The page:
Thomas Jefferson failed at least 1,000 times (some say 10,000 times) before the light bulb was invented. Rejection is a part of life. When you pick yourself up after you’ve failed, you will gain more confidence to try again and you’ll be an inspiration to others. People who are successful knows the fastest route to success is through many failures.

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If you are afraid of failing, you have to address the emotional scars that has you frozen in some 6th grade memory when your teacher, father, or mother said you would never amount to anything. See point #4 above on how to overcome this fear of failure.

7. Use your passion to change the world.

Steve Jobs “People With Passion Can Change The World.”

Mark Zuckerberg of Facebook.

Dr. Mehmet Oz made talking about poop normal everyday language.

Lisa Nichols, a very inspiring, energetic, and charismatic personality. Watch her “Questions That Will Stir Your Soul” video.

David Wood of The KissAss Life. David has the #1 personal development podcast on iTunes. Downloaded by listeners from 200 countries, he has a beautiful “rags to riches” story and has turned his lemons into his lemonade helping others to live a KissAss Life. These gurus can inspire you to be a guru in your own community. How would you like to make a difference before you go to heaven?

8. Take classes, read books, and volunteer if you don’t know what you are passionate about.

One of these activities can help you find your your passion.

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9. Write about your passions through blogging.

There will be a readership for your point of view. You’ll be the leader and attract a following. Your life will be more exciting when you meet new people through blogging.

10. Lead a workshop on your expertise.

If you read five books on a subject, you are an expert on the subject. There is so much information on the internet that people will pay you to show them how to solve their problems in a clear and simple way. For example, “The Seven Habits of Highly Effective People” became a blockbuster because Steven Covey gathered concepts that were already known and packaged them in a way that was concise, simple, and actionable.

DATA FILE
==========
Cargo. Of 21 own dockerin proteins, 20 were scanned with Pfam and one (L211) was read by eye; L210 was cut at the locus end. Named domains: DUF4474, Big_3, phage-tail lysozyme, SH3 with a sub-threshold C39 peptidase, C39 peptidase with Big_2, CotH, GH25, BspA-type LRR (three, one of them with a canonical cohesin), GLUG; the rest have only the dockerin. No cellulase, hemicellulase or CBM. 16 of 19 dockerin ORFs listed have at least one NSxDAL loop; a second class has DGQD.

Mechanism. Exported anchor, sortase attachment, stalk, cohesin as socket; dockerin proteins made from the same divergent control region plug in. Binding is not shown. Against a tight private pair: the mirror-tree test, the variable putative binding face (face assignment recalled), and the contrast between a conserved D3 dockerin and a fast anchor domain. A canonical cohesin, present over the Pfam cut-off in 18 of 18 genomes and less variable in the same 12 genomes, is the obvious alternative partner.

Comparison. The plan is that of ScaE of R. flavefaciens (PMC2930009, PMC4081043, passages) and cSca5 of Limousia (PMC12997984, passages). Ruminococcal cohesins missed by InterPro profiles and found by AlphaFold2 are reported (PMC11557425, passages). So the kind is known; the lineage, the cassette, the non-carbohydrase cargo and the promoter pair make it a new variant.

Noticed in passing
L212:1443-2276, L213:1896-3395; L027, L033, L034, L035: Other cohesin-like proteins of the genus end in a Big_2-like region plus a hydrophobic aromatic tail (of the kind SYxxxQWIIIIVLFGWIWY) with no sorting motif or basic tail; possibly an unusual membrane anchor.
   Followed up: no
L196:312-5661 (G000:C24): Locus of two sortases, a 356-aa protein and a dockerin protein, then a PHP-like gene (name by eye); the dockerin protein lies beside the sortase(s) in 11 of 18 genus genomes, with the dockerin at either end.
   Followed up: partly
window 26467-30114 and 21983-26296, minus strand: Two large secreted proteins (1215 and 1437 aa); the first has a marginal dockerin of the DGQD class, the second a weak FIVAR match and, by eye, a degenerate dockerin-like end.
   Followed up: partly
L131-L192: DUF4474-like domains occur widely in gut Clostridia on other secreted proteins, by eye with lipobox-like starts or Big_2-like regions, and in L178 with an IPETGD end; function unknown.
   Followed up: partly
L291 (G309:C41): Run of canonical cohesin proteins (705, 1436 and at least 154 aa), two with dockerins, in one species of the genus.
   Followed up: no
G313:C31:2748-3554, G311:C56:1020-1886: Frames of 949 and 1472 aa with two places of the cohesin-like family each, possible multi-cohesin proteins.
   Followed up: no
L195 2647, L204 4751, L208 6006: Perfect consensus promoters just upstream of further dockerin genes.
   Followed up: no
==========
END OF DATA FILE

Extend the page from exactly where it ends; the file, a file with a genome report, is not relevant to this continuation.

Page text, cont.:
So gather your friends and talk from the heart about what you’ve learned and show them how they can improve their lives. No need for a formal PowerPoint presentation. If you find you enjoy doing workshops, then explore how you can take this further and make it your life purpose.

11. A life of passion will help you look and feel younger. 

Passion and purpose slow down aging. Passion creates happy thoughts. Happy thoughts create great moods. A happy and healthy mind will minimize the expression of your disease genes. Studies have shown that 2/3 of the world’s health problems can be traced to negative thoughts and beliefs.

Negativity will not give you the energy to pursue your passions. Negativity is a fuel for your body to turn on disease genes. Positivity and passion will turn on your health-promoting genes and slow down the aging process.

12. Use these resources to figure out what your passions are.

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Last Updated on January 24, 2021

How to Say No When You Know You Say Yes Too Often

How to Say No When You Know You Say Yes Too Often

Do you say yes so often that you no longer feel that your own needs are being met? Are you wondering how to say no to people?

For years, I was a serial people pleaser[1]. Known as someone who would step up, I would gladly make time, especially when it came to volunteering for certain causes. I proudly carried this role all through grade school, college, even through law school. For years, I thought saying “no” meant I would disappoint a good friend or someone I respected.

But somewhere along the way, I noticed I wasn’t quite living my life. Instead, I seem to have created a schedule that was a strange combination of meeting the expectations of others, what I thought I should be doing, and some of what I actually wanted to do. The result? I had a packed schedule that left me overwhelmed and unfulfilled.